'Game of Thrones' season 8 episode 5 got the worst reviews, but here's how the show's creators responded to the disappointed fans
The most recent episode of 'Game of Thrones' season 8 has come under fire for having sloppy writing and major plot holes when it comes to character arcs. What do the makers have to say?
Fans of 'Game of Thrones' have been raging on social media platforms about what a spectacular failure the final season's penultimate episode was. From Daenerys Targaryen's (Emilia Clarke) dragon Drogon being strong enough to decimate an entire army, which is not plausible considering how Rhaegal was shot down by Euron Greyjoy (Pilou Asbæk) in episode 4 to Jaime Lannister (Nicolaj Coster-Waldau) and Euron's unwanted duel, the list goes on. So here's a look at what the makers DB Weiss, David Benioff and director Miguel Sapochnik have to say about it in their episode break down video.
1. Why did Daenerys lose control and rise as the Mad Queen?
It has nothing to do with mental health. Yes, her father was called the Mad King, and now she has been crowned the Mad Queen because of the all the anger that bubbling underneath. So many had complained about how Dany's transition from an insecure queen to a violent destroyer was accelerated. It all came too fast, too soon. One must understand the meaning of the shot after the bell rings. The time when Dany sees the Red Keep castle and she remembers years of pain, of vulnerability that she had to face after fleeing, how she was sold to the Dothraki - that moment culminates every wrong that she has ever faced. Co-Creator David Benioff said, "If Jon hadn't told her the truth, if Cersei hadn't betrayed her, if Cersei hadn't executed Missandei, if all these things had happened in any different way, then I don't think we would be seeing this side of Daenerys Targaryen."
2. Was Daenerys used for shock value by setting the city on fire?
While Tyrion and Jon see an opportunity after the surrender of Lannister soldiers to keep the fight bloodless, what changes everything is Dany's emotions. "She feels empty, it wasn't what she thought it was. It wasn't enough." Emilia explained, "Every single thing has led her to this point. There she is alone. We have all got this part of us, the part that goes 'I am going to put that chocolate cake down and I going to walk away. There are moral conundrums all the time. Not saying chocolate cake is a moral conundrum. Eat as much f****** chocolate cake as you want. But those things that wrestle within yourself."
DB Weiss adds to this, "She knows she has won that war, it's in that moment that she makes the decision. To make this personal." while David says, "She is who she is, she is a Targaryen and throughout the show, she has repeatedly said 'I will take what's mine, through fire and blood' and in this episode she does it."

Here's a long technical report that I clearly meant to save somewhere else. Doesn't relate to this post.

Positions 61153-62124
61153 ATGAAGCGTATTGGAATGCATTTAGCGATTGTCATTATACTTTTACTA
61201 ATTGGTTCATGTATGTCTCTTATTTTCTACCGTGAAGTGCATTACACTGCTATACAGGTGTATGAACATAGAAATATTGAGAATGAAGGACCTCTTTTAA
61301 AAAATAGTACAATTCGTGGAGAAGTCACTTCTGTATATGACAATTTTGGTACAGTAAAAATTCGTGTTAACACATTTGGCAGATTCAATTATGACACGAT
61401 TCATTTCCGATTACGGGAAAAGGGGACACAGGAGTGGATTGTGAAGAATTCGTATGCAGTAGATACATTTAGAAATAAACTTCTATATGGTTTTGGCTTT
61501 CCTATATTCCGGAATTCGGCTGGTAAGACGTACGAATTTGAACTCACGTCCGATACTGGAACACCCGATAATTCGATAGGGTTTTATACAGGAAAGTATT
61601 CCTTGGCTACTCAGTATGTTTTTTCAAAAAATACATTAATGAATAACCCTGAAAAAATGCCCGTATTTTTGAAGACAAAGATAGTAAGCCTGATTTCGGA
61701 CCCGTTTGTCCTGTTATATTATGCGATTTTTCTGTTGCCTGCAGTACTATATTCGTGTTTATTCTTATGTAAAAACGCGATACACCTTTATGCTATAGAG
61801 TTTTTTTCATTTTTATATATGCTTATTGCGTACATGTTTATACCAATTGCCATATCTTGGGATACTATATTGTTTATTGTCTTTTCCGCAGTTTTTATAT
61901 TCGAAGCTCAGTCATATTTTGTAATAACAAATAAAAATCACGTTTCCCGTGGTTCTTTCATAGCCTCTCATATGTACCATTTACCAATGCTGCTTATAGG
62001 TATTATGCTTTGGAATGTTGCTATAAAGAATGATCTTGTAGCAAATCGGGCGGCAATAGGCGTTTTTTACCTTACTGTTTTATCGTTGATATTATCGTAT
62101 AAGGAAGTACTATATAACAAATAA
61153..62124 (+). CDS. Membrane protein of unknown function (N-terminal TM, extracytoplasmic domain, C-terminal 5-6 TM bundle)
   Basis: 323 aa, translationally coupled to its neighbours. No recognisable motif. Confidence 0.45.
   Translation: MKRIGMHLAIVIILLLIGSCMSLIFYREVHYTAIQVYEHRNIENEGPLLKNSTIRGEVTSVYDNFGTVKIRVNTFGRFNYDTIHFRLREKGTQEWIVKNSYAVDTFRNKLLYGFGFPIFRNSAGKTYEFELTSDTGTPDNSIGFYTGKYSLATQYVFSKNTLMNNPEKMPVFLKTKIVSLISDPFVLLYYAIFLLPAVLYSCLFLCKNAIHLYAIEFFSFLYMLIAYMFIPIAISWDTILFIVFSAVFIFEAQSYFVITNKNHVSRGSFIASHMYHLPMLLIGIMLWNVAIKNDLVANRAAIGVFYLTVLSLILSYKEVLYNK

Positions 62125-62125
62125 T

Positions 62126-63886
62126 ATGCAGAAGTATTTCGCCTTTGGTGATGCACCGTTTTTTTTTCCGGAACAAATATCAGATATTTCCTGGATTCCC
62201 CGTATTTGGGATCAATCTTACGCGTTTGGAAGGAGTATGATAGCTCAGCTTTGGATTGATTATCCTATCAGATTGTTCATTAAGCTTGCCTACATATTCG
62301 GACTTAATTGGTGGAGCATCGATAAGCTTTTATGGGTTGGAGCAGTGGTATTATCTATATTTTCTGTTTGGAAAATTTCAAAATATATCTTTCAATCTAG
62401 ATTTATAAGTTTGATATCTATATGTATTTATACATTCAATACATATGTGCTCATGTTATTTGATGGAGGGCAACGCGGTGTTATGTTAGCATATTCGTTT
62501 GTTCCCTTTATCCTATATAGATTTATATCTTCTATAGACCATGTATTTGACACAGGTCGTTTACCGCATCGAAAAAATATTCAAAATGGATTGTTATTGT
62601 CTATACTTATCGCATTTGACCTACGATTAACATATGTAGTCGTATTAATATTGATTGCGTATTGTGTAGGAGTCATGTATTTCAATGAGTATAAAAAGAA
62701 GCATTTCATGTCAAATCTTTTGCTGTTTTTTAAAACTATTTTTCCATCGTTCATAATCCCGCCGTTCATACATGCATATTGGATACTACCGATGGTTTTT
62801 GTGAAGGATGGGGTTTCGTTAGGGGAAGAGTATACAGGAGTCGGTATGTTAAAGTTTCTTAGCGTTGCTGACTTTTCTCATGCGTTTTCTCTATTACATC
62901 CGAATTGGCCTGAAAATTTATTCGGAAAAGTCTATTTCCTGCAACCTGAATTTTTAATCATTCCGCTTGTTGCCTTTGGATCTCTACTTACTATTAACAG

3. The unwanted Jaime Lannister-Euron Greyjoy duel
The idea of the duel was for it to be a 'slut-fest' because the time for gentlemanly fights was over! DB Weiss explains, "Euron is a psychopath. A normal person would not swim to the shore so that he can murder one other person. He wants to know what new things are like so he says, with Cersei, life can be boring. The ultimate new experience that he never had before is death and I think he is strangely excited about having that experience as well because he dies with a smile on his face."
4. How did Sandor Clegane convince Arya to give up on killing Cersei?
This question has been plaguing the internet because Cersei was on the top of Arya's kill list. She has been reciting Cersei's name for years now in the name of revenge and all it took Sandor Clegane was a few minutes to convince her to leave. This abruptness among many similar instances was cited as one of the biggest problems of the episode. However, by having her leave, the creators managed to capture the ensuing destruction by Dany and by cutting back and forth between Hound and Arya; the scenes took on an emotional note. Every time Arya goes down, it was expected to elicit anxiety in the audience about her fate and similarly about Sandor's fate. The decision to intercut the scenes was made by Miguel and his editor Tim Porter. The fact that Hound also stresses by asking Arya if she wants to end up like him - lonely, half burnt, massive panic attacks during battle - also helps her decide.
5. Jaime and Cersei's emotional ending
"It is like a genuine discovery as she goes along. Each step she takes, something crumbles, something falls, the destruction is unavoidable. She loses people and finds herself totally alone," explains Lena Headey, the actor. So by having Jaime and Cersei together at that moment, what the creators wanted to show was even as horrendous a person as Cersei is, "in the end, she is just a girl". It was important to show that about this character.
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